AIIC recommends Landlords allow tenants to decorate and make improvements

by Property 118

12:16 PM, 23rd March 2017
About 2 years ago

AIIC recommends Landlords allow tenants to decorate and make improvements

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AIIC recommends Landlords allow tenants to decorate and make improvements

The Association of Independent Inventory Clerks (AIIC) has recommended that Landlords and agents allow tenants to personalise, decorate and make improvements to their homes.

This is following a survey by online home improvement platform Plentific showing that:

  • 73% of tenants have carried out their own DIY
  • 23% of tennats have spent more than £500 on home improvements

The AIIC draw the conclusion that an increasing percentage of tenants are wanting and willing to spend time and money making their home their own and that landlords who allow this within reason could also benefit.

Chair of the AIIC, Patricia Barber, said “It’s clear that tenants are increasingly willing to spend their own money on improving their rental property and this is certainly something landlords should think about.

“We’re seeing more long term tenants and they’re clearly committed to living in a higher standard of property.

“Landlords who cautiously allow tenants to put their own stamp on a property could benefit from a lower turnover of tenants and an improved and well maintained property at the end of the contract.”

“If rental properties are noticeably changing over the course of a tenancy, it’s vitally important that there is an inventory which comprehensively details the condition and contents of the property at the start of the tenancy. This way any fair deposit deductions can be made by the landlord and the chances of a deposit dispute are minimised.”

There are several key considerations for Landlords here:

  • Having the condition and inventory of the property well documented at the start of the tenancy and then documenting the requested and agreed improvements by the tenant in an effort to avoid later deposit disputes.
  • How do you agree the standard and quality of any potential DIY work?
  • What if the work agreed to causes damage such as electrical fire or burst water pipes?
  • There is no accounting for taste and how easy will it be to re-let a property after personalisation?


Comments

Jamie M

11:38 AM, 24th March 2017
About 2 years ago

This is news???

Patricia perhaps you should make sure your agents do their job, we are well versed at dealing with tenants re this

I have an issue with your organisation as one of your people did and inventory for us (allegedly) on Jan 26th and despite some 50+ phone calls plus going to his house he is still making excuses for it not being delivered to us and is still making promises of delivery AND today threatened my wife if we came to their home again in search of this inventory. The tenants moved in 3 days after he visited to do the inventory and they are also fed up with what's going on. We stupidly paid him at his request up front as he insisted this was the only way he did business.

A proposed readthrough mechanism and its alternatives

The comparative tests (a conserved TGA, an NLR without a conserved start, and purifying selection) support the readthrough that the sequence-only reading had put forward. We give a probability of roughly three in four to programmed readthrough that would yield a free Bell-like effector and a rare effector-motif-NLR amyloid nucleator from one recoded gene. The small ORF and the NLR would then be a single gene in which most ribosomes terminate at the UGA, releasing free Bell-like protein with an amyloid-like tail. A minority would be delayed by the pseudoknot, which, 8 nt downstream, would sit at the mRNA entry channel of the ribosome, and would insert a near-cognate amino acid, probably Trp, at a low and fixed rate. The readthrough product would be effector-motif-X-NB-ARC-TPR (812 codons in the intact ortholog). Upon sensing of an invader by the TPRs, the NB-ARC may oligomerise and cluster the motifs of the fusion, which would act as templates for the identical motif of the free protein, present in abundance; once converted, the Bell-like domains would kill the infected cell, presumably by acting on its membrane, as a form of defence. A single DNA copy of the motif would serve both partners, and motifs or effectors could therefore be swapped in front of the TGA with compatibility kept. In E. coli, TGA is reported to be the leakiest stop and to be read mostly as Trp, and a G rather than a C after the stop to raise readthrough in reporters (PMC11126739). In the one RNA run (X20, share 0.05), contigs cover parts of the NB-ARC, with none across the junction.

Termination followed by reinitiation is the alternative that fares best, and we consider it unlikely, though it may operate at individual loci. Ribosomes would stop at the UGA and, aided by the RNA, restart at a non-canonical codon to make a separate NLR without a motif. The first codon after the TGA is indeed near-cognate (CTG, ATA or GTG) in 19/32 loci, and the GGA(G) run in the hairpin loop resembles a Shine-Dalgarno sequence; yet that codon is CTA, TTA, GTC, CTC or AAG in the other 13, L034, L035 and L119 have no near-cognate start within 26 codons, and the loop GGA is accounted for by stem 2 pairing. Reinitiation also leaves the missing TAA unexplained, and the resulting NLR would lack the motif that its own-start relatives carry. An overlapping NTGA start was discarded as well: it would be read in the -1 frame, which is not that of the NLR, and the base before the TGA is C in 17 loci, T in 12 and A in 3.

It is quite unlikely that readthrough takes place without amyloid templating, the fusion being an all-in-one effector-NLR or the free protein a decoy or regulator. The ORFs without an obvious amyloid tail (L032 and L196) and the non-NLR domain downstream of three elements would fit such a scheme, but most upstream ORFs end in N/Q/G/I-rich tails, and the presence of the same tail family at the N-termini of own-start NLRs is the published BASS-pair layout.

perhaps you'd like to contact me

Rob Crawford

15:21 PM, 26th March 2017
About 2 years ago

I don't feel inventory clerks are in a position to make these recommendations. The "considerations" listed are exactly the reason why tenants should not be given permission to decorate unless you are willing to take on those risks.

Darlington Landlord

18:09 PM, 26th March 2017
About 2 years ago

Unfortunately most tenants DIY changes with amateurish standards. Understandably when you consider this may be the first time they have tried to decorate or anything more major and are doing it on the cheap. In my experience the landlord is then left with the cost of rectifying their "improvements" after they leave - for example even if they redecorate to the original colours your are left with runs and a poor finish. As for putting up shelves and bathroom fittings most don't have a clue about the proper fixings (and don't ask first) and then you have a hole to deal with. They are very unlikely to get professional trades to do the work, if they did I would be happy to allow changes

Jonathan Clarke

10:00 AM, 28th March 2017
About 2 years ago

I in 90% of cases let my tenants decorate and improve.
I interview and select tenants often on their ability to do this.
We interview our maintenance people don`t we to ensure they are good at what they do. We interview our tenants to ensure they can and will pay the rent
I just often combine the two interviews into one . The benefits are multiple

As a result - Many have added value to my house at their own expense. Sometimes we split the costs. I`ve had kitchens bathrooms replastering re carpeting redecorating etc all done at no cost to me .

This is because they want their house to be a home and to stay longer and make their environment better. I upgrade them as their families grow. And they repeat the exercise. I cant remember the last inventory I did. They add value and then I`d re value and release equity to buy another.

The key is in the interview. Get tenants in who have a professional trade or have a close network of people in the trade. Its not for everyone of course. It depends what market you operate in.

It can though streamline your business and they are also on hand to help out on other properties. Your own personal ad hoc workforce on tap. Ive saved £1000.s and £1000`s by incorporating this into my investment model . I`ve sometimes added 10K in value on a property at no cost to me . Many LL`s do not employ this strategy. I think they miss a trick

The key is in the initial interview and tenant selection.
Spend extra time on it.
You will then reap the dividends of that extra time spent multi fold in the years ahead


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